Living the Scientific Life (Scientist, Interrupted)

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New York in Transit, 2001, detail 3, photographed from left to right.

Artist: Jacob Lawrence. Glass mosaics on stairway wall between N, Q, W, R and S mezzanines.

Image: GrrlScientist 5 November 2008 [larger view].

The enormous mosaic mural is the focal point of the mezzanine in the Times Square subway complex. Its shimmering and detailed surface pays tribute to the diversity and strength of New York City – its neighborhoods, cultural life, recreational pleasures, love of sports and, of course, its subway system. New York in Transit was Jacob Lawrence’s last public work. In it he evokes city life seen from an elevated train and the sensitive and loving portrait shows a slice of city life and is a parting gift to New York City, seen by millions of people who live and visit here.

I have photographed glass tile mosaic artworks from several NYC subway stations now, so far, all are westside Manhattan subway lines; including the Cathedral Parkway/110th Street platform (downtown-bound 1 train only); the mezzanine walls of the 42nd Street (Times Square) for the A, C and E trains; 42nd street/Times Square upstairs platform (1, 2 & 3 trains); 42nd Street/Times Square passageway between the 8th Avenue/Port Authority Bus Terminal (A, C, & E trains) and the 7th Avenue/Broadway (1, 2, & 3 trains) platforms; West 66th street/Lincoln Center Station (1 train); West 34th Street/Pennsylvania Station (A, C & E trains); Chambers Street (A & C trains); Houston Street (1 train); and Pennsylvania “Penn” station (1, 2 & 3 trains) [subway art archives] and, my favorite subway station of all, the American Museum of Natural History station at 81st and Central Park West (B & C trains) [AMNH archives].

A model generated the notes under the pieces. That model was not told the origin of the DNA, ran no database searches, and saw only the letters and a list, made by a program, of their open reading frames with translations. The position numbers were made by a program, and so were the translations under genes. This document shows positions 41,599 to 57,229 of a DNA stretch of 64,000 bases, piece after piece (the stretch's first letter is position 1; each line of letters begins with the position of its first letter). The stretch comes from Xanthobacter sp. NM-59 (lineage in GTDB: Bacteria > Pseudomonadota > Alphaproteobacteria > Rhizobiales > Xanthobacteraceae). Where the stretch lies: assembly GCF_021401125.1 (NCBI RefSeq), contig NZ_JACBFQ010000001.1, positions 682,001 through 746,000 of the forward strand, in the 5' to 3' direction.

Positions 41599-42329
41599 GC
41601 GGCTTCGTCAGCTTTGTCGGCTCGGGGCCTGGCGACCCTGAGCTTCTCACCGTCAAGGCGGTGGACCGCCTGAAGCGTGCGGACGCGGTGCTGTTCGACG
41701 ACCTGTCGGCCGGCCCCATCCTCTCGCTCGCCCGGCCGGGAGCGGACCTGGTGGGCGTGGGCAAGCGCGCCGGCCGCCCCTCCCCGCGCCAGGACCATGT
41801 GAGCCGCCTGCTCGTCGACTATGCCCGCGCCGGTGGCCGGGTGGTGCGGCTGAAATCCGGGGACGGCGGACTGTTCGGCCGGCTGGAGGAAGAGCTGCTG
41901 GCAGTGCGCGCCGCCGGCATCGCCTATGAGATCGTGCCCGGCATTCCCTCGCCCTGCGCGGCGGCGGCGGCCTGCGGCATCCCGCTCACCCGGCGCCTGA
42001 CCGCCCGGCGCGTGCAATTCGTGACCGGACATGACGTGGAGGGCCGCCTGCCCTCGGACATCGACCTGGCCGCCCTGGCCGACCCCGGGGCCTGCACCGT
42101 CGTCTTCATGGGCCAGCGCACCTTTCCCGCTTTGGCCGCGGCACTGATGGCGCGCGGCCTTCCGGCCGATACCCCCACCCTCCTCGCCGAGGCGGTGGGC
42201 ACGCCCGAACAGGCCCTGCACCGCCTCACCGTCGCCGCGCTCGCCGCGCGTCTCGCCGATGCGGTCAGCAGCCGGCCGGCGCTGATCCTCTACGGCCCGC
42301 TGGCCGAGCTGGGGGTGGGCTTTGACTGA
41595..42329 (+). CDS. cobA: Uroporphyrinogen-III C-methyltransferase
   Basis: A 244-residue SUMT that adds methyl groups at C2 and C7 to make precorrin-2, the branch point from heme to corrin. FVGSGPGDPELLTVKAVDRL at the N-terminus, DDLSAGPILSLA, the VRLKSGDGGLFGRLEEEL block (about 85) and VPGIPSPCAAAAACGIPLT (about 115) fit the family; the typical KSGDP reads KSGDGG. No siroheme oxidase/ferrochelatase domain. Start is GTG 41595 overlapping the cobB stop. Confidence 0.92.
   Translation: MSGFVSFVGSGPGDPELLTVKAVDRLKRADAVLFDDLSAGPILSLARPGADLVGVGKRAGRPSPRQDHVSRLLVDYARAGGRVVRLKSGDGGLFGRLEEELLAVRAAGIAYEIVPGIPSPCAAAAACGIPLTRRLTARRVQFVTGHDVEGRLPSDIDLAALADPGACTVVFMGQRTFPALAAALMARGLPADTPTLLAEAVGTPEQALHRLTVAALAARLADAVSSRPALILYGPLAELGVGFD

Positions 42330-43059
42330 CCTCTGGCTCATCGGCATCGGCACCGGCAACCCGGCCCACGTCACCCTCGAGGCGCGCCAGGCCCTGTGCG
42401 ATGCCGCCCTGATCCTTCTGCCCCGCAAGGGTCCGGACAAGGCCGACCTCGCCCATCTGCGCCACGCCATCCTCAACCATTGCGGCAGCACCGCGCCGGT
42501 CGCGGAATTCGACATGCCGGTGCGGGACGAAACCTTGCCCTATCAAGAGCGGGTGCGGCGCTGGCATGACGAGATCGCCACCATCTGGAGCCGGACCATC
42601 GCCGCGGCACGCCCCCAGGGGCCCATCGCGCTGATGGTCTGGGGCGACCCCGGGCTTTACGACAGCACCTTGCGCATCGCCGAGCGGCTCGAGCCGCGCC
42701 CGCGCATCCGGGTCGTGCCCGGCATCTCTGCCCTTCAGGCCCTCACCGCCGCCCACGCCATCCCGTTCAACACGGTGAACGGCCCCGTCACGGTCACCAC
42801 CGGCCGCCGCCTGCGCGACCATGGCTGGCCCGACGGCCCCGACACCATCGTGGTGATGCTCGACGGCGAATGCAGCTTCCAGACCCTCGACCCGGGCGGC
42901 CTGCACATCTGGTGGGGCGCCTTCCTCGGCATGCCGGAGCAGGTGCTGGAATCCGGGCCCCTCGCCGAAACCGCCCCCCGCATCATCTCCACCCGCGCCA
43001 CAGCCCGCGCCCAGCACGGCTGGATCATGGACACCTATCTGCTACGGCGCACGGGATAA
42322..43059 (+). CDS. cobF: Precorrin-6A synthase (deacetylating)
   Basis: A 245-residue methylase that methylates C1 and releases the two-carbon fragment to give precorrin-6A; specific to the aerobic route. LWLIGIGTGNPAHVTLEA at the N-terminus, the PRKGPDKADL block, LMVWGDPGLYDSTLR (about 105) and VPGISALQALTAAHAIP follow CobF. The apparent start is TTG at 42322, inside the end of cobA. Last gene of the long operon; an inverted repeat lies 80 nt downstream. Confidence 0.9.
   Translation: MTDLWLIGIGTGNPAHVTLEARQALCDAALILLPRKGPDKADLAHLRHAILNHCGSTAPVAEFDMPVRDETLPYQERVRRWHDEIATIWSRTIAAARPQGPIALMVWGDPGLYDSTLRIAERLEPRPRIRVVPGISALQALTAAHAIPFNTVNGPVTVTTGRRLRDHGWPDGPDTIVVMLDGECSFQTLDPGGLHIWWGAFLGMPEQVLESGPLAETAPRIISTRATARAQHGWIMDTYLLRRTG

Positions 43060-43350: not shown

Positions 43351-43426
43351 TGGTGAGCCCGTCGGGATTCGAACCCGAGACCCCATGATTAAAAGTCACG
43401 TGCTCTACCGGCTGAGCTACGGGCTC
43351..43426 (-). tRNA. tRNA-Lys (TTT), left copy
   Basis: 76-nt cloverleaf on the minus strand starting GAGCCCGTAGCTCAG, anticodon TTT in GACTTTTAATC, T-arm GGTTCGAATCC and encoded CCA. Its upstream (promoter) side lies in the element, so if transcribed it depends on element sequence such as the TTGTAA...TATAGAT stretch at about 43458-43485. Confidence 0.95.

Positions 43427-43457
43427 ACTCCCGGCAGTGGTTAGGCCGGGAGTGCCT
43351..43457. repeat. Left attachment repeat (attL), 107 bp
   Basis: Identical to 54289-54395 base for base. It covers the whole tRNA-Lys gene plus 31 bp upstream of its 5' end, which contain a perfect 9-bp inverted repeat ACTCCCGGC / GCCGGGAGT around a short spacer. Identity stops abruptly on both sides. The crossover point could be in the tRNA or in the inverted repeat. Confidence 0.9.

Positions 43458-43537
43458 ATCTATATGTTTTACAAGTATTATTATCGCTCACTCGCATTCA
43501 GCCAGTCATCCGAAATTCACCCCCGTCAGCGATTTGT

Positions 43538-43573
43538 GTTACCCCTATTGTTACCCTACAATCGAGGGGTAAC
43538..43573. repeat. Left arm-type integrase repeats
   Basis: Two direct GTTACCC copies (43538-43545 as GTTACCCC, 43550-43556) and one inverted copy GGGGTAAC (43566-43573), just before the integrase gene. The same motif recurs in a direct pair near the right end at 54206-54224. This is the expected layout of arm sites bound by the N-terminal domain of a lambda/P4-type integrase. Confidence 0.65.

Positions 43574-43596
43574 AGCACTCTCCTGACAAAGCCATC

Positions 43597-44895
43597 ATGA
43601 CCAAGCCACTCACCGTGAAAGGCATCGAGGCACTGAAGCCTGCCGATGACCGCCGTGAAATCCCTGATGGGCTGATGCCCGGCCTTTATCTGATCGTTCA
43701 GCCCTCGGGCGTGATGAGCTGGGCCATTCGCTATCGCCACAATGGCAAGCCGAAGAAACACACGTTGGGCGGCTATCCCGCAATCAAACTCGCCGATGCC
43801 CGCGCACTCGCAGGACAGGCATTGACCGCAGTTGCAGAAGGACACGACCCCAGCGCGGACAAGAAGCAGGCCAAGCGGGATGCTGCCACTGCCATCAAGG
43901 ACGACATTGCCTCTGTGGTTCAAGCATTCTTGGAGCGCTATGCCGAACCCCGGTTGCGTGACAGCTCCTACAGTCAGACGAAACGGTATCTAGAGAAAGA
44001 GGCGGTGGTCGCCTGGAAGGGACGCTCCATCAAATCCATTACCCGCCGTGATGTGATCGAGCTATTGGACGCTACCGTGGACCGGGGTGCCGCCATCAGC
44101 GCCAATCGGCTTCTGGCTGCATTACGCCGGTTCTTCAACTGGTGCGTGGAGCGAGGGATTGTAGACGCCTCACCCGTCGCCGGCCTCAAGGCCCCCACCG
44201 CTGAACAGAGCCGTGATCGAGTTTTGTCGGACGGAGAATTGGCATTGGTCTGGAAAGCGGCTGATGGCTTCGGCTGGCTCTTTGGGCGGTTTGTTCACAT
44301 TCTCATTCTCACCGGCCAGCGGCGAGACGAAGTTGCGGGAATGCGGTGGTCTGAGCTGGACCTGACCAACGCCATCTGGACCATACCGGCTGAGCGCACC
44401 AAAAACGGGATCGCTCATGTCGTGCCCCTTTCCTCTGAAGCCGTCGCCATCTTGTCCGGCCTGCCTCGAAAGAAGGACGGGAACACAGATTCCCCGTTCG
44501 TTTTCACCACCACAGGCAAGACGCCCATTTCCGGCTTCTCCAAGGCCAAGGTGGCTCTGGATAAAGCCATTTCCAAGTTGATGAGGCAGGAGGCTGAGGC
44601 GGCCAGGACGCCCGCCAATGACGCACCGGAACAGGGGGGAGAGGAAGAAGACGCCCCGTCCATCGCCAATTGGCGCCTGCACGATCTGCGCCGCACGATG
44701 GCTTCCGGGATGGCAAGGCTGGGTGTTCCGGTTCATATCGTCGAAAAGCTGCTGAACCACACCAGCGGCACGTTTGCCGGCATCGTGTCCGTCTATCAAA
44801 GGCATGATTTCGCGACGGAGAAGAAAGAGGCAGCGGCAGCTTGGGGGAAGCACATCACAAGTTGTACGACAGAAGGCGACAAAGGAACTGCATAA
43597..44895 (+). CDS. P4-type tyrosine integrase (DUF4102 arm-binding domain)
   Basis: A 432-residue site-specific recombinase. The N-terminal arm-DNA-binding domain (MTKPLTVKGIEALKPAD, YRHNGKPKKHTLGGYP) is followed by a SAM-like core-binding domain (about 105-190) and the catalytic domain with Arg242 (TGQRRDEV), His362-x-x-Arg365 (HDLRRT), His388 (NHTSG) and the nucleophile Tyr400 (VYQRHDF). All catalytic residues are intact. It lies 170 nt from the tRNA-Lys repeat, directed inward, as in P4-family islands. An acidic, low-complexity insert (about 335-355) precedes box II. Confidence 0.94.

1. #1 complex field
    January 12, 2009

    reminds me of byzantine art

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